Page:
One of the major threats would be the inability for Whole Foods’ high standards to continue to be sustainable, especially with the push to lower prices. Another threat would be if another grocer is able to copy Whole Foods’ business model and steal market share. Food Dive states “The large-format grocery segment — which includes supercenters and big food/drug combos — may be approaching the saturation point. Too many stores mean too few shoppers to go around for all of them to be successful.” One-stop superstores such as Walmart and Kroger (although their expansion has slowed down dramatically as well) can take away most of the market share in the grocery industry.
PORTER’S FIVE FORCES:
Whole Foods’ main competitors are Sprouts Farmers Market and Trader Joe’s, because both companies promote the healthy, organic lifestyle that Whole Foods stands for as well. Apart from companies that have the same ideals as Whole Foods, other competitors include super one-stop grocery stores such as Walmart and Target. With competitors such as Sprouts Farmers Market and Trader Joe’s, the competition is intense. Due to the intense competition, customers who would normally shop at Whole Foods may prefer Trader Joe’s because of their lower prices.
Whole Foods has an interesting relationship with their suppliers that puts them in a favorable position. Whole Foods states that “We view our trade partners as allies in serving our stakeholders. We treat them with respect, fairness and integrity – expecting the same in return. We are part of an interdependent business ecosystem. There are tens of thousands of suppliers that we depend on to create an outstanding retail shopping experience for our customers.” This statement tells us two things. First, there are many suppliers involved with Whole Foods which mean that suppliers don’t have the power to drive the price. Second, Whole Foods’ supplier relationship is a positive one where one helps the other so they both work to benefit each other.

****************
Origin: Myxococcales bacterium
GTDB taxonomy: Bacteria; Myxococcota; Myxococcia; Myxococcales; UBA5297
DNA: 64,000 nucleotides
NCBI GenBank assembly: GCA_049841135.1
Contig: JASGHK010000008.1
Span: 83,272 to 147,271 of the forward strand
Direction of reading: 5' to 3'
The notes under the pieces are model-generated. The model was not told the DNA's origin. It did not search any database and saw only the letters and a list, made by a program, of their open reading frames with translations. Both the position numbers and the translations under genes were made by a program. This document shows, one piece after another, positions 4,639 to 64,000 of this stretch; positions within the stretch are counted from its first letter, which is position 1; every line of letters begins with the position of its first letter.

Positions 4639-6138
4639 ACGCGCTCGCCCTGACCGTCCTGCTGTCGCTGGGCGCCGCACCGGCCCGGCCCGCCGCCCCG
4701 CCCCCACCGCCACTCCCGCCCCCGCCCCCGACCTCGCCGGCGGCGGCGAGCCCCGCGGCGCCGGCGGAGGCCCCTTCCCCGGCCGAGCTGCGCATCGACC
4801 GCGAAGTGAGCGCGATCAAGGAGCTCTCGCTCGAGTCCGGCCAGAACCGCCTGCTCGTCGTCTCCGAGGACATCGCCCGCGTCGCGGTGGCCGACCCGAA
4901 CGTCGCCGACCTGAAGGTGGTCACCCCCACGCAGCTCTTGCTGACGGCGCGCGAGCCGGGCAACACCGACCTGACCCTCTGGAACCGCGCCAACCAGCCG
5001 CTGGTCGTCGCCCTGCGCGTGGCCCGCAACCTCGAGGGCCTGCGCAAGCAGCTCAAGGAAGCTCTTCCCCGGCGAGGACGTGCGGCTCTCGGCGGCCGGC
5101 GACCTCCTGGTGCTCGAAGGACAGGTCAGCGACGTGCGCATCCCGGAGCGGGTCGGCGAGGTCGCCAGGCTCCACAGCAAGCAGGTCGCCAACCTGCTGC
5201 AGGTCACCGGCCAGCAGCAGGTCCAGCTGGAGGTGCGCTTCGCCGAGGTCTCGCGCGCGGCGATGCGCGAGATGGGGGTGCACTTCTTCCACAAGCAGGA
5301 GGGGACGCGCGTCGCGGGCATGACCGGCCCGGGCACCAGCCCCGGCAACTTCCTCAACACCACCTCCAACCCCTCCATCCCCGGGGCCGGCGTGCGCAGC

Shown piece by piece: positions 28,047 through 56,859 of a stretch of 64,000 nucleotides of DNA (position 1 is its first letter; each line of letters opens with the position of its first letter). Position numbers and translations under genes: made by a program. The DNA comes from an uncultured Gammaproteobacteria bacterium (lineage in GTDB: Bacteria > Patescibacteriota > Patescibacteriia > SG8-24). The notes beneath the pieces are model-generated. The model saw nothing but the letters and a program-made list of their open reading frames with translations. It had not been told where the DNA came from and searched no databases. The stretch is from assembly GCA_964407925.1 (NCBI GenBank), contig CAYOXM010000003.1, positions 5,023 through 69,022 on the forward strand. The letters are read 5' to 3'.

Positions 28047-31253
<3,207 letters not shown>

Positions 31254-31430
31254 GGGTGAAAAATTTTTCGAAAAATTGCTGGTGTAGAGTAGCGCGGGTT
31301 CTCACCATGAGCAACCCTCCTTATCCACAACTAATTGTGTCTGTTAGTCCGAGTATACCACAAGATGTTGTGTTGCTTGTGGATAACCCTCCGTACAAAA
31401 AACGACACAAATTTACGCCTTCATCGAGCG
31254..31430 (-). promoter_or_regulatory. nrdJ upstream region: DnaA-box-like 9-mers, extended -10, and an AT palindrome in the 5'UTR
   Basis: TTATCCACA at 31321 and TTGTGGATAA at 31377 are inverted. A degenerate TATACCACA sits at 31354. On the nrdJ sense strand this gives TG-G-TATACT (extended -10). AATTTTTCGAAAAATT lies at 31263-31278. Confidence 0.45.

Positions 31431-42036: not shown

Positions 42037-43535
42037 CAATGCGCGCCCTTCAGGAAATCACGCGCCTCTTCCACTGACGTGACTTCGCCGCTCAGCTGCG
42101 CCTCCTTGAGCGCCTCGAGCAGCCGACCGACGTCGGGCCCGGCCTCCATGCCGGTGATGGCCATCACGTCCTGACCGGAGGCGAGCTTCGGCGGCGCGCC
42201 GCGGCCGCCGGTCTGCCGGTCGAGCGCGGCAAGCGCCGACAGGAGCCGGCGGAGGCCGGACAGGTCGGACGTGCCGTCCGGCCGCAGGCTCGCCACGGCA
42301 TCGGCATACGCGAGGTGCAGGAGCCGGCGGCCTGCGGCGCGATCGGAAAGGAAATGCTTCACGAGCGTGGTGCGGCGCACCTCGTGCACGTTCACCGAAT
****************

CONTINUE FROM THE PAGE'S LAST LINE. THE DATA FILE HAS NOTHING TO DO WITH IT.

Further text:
This is one of the forces in which Whole Foods is lacking. The customer has great power to drive the price down. This can be seen in the consumers’ choices to shop in places which offer lower prices. With the recent acquisition of Whole Foods by Amazon, this force could be helped and the power of the buyers to drive down price can be mitigated.
Threat of Substitution and New Entry:
As stated before, Trader Joe’s and Sprouts Farmers Market are clear alternatives for Whole Foods. Superstores such as Target and Walmart sell organic food to a lower degree. These are all perfect substitution for Whole Foods. The threat of substitution is high, while the threat of new entrants is low, because the market is already saturated. The growth in the supermarket industry isn’t lucrative as well. This would not incite new companies to enter the grocery industry or for existing companies to start selling more expensive organic products.